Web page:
For decades, the fear of becoming impotent and incontinent as a result of surgery for prostate cancer kept many men from screening and treatment, resulting in countless deaths that might have been prevented. This has drastically changed in recent years, with the use of new surgical approaches to remove the prostate which spares nerves and tissues in the area and can avoid the dreaded side effects. In addition, many men once thought "incurable" are now able to avoid surgery altogether and live longer with more effective radiation therapy.
The two physicians who pioneered those treatments and were instrumental in changing prostate cancer treatment are Dr. Malcolm A. Bagshaw, Professor Emeritus of Cancer Biology at Stanford University and Dr. Patrick C. Walsh, Director of the Department of Urology at Johns Hopkins University.
In the 1970s, Dr. Walsh embarked on a series of anatomical studies to
delineate the structures surrounding the prostate, in an effort to prevent
incontinence and impotency. Initially, he mapped the anatomy of the dorsal
vein complex around the prostate, and was able to eliminate the severe
bleeding that typically hampered surgery. After noting that one of his
patients was fully potent after the improved surgery, Dr. Walsh set out to
find out why most men became impotent. By dissecting infant cadavers, in
which pelvic nerves and tissues are more clearly seen, he was able to locate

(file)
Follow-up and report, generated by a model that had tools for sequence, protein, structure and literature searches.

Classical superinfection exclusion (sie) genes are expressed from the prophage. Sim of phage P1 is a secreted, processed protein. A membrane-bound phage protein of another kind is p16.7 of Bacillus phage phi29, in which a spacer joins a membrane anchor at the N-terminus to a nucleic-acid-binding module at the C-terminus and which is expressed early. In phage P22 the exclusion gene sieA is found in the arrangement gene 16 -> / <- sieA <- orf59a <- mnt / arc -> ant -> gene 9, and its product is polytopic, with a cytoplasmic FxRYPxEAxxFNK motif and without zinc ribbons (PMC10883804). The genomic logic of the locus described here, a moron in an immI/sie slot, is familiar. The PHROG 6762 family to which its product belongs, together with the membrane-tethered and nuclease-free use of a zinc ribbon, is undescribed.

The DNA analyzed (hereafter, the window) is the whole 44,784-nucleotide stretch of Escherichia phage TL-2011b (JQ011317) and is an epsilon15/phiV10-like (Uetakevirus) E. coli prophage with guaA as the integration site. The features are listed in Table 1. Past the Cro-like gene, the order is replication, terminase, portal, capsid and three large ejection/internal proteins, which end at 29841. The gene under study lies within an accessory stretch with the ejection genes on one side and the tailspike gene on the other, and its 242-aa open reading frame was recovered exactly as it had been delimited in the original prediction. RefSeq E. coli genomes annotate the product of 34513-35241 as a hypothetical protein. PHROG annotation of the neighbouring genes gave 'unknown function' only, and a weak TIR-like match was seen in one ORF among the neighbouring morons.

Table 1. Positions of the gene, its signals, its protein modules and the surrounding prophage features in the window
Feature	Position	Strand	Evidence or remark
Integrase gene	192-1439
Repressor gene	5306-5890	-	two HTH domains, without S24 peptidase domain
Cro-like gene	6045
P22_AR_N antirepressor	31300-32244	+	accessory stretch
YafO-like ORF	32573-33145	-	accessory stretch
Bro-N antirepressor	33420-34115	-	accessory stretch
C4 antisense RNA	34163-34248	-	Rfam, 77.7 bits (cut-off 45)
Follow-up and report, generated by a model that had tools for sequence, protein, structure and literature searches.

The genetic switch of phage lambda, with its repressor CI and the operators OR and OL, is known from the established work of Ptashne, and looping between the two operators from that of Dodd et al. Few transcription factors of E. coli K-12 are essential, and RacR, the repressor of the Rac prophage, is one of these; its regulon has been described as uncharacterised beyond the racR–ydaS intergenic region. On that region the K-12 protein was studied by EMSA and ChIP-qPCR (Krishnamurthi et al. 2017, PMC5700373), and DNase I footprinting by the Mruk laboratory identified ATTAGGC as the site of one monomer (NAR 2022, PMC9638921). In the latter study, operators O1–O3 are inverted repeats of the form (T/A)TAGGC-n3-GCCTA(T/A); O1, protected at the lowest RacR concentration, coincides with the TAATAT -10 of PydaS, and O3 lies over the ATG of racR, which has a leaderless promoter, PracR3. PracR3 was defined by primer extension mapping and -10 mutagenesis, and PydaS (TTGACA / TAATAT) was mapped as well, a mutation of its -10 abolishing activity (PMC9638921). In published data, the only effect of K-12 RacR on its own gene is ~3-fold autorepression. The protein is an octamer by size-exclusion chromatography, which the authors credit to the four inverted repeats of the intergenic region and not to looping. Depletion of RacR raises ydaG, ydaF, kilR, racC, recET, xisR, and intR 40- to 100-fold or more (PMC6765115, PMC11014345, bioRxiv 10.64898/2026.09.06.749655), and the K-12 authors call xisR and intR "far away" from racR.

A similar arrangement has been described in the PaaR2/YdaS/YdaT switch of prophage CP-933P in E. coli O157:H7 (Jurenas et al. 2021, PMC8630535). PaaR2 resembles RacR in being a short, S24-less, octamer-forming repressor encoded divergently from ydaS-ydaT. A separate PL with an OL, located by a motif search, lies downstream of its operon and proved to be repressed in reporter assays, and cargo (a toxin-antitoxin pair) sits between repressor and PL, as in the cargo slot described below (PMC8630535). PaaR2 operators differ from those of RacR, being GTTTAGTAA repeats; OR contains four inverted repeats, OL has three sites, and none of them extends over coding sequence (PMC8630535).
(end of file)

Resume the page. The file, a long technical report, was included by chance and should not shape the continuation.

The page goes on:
the nerves which supply the corpora cavernosa and give rise to erections.
These nerves had never been charted and it was assumed that they ran
through the prostate, but it turned out that they ran outside the prostate.
By not cutting, or only removing nerves on one side, Dr. Walsh was able to
preserve potency. In 1990, Dr. Walsh charted the anatomy of the striated
sphincter (which controls urination), and refined the surgery further to
avoid damage to the bladder neck and urethra, preventing incontinence.
Dr. Walsh has made other important contributions to the field, including the characterization of familial and genetic factors responsible for prostate cancer. He has established the largest registry of men with hereditary prostate cancer, and has improved the use of PSA in the early diagnosis and staging of the cancer.
Dr. Walsh is the author of The Prostate: A Guide for Men and the Women who Love Them (Johns Hopkins Press, 1995), aimed at the lay public. He earned both his undergraduate (1960) and medical degrees (1964) from Case Western Reserve University in Cleveland, Ohio. Dr. Walsh joined Johns Hopkins in 1974, as chairman of urology.